Subsequently, Fernando raised concerns about Marino’s sexual harassment of the two women with the president of LAFE Foods. The president did nothing, and “Marino’s harassment . . . intensified.”
The timeline for what happened next is critical to understanding the New Jersey Supreme Court’s opinion in this case:
- August 24, 2003: Liliana is fired. LAFE Foods claims she was fired for “misconduct” and so can’t receive unemployment benefits. Liliana later appeals that decision and wins.
- October 2, 2003: Liliana undergoes surgery. The surgery costs $6,000, which she and Fernando expect his health insurance to cover.
- October 3, 2003: Fernando is fired.
- October 27, 2003: LAFE Foods cancels Fernando’s health insurance, making the cancellation retroactive to September 30, two days before Liliana’s surgery.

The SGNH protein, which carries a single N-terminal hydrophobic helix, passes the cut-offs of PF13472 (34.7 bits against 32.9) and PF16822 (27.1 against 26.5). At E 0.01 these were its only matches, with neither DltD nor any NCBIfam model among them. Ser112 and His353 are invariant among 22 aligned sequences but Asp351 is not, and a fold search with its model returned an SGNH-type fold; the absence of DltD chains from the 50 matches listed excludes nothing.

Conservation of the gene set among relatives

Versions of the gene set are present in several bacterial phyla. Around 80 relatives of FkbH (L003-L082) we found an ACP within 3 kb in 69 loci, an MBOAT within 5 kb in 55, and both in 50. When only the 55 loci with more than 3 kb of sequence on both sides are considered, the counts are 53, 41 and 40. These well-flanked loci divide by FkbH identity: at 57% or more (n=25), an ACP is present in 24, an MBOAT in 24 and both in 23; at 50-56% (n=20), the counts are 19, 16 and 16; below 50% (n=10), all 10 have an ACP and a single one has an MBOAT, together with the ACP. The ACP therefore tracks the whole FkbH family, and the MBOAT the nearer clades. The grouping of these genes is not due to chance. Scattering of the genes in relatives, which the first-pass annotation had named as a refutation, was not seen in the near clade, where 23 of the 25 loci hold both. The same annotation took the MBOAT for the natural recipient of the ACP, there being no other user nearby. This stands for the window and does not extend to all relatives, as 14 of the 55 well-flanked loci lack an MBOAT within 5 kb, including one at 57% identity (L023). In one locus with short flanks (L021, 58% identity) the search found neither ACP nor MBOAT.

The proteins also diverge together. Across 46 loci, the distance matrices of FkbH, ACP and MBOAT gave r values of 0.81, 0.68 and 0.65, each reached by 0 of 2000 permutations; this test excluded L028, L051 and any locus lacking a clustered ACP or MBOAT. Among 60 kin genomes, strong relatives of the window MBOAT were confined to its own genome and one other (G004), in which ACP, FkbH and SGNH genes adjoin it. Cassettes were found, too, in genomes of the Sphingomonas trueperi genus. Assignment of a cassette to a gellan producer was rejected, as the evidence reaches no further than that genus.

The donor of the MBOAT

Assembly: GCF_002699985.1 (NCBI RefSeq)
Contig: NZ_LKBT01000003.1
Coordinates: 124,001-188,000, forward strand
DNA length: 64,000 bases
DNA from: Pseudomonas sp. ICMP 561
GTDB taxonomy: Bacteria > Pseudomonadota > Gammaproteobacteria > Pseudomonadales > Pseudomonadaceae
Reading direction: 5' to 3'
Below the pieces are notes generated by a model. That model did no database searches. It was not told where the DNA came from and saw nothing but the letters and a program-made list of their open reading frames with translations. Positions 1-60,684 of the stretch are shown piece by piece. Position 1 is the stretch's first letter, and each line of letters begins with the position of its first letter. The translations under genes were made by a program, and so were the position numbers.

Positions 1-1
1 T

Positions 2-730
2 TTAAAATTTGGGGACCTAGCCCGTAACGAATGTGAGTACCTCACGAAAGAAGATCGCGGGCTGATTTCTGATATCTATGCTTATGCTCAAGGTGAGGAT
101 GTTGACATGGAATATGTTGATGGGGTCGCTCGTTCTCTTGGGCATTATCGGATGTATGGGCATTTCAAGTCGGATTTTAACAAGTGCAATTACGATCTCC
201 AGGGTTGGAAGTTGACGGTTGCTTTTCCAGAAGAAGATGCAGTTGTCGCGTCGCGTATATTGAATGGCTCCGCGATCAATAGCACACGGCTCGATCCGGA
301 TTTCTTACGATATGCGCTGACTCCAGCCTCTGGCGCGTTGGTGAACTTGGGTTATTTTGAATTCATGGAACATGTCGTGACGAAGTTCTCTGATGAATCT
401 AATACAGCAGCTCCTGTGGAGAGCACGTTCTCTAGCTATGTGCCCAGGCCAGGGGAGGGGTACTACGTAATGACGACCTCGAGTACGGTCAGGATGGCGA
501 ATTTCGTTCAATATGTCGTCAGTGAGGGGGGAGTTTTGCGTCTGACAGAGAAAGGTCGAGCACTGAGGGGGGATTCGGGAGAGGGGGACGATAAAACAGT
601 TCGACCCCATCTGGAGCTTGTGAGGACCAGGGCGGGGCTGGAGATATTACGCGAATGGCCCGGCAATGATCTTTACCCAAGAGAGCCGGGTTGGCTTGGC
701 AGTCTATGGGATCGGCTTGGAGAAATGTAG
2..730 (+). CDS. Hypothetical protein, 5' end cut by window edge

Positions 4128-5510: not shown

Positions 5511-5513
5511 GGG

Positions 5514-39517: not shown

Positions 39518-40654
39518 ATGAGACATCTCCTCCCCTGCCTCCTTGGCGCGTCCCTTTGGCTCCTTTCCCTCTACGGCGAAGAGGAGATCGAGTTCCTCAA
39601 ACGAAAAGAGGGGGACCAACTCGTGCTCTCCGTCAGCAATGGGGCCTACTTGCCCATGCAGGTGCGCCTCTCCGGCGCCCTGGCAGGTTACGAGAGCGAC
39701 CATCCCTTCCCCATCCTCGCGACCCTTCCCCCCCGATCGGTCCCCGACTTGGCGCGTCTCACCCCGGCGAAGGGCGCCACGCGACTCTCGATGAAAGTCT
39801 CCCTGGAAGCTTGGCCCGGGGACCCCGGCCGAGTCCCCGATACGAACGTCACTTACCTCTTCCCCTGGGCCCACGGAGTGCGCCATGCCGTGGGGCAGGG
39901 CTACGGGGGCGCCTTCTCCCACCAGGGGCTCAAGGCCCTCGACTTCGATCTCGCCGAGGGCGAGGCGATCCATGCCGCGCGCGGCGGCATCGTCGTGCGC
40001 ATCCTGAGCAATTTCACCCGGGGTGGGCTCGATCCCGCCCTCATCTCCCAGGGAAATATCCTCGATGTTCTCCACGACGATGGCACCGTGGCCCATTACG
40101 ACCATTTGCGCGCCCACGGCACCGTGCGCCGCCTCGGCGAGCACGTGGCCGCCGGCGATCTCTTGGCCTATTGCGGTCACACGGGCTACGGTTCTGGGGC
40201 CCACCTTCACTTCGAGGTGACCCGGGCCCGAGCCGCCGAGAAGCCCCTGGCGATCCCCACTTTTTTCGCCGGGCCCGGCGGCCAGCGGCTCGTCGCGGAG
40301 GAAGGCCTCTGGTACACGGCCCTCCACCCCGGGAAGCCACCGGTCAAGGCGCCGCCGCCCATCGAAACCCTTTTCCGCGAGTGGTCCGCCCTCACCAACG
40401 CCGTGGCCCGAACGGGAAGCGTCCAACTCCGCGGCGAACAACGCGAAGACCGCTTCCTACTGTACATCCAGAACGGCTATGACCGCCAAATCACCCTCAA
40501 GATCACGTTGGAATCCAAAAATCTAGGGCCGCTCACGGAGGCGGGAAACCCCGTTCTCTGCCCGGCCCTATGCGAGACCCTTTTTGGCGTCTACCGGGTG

- November 11, 2003: Fernando and Liliana are informed that the insurance company won’t cover the cost of Liliana’s surgery as a result of the September 30 termination. LAFE ultimately corrects its retroactive cancellation, and the insurance company pays for Liliana’s surgery in February 2004.
- November 3, 2005: Fernando and Liliana file a discrimination lawsuit against LAFE Foods and Marino.
In their lawsuit, the Roas claimed that LAFE Foods had retaliated against them in violation of the LAD by:
- Firing Liliana;
- Firing Fernando; and
- Cancelling Fernando’s insurance.
The Arguments in the NJ Supreme Court
In response to the Roas’ lawsuit, LAFE made two primary arguments:
- The lawsuit should be dismissed because it was filed too late.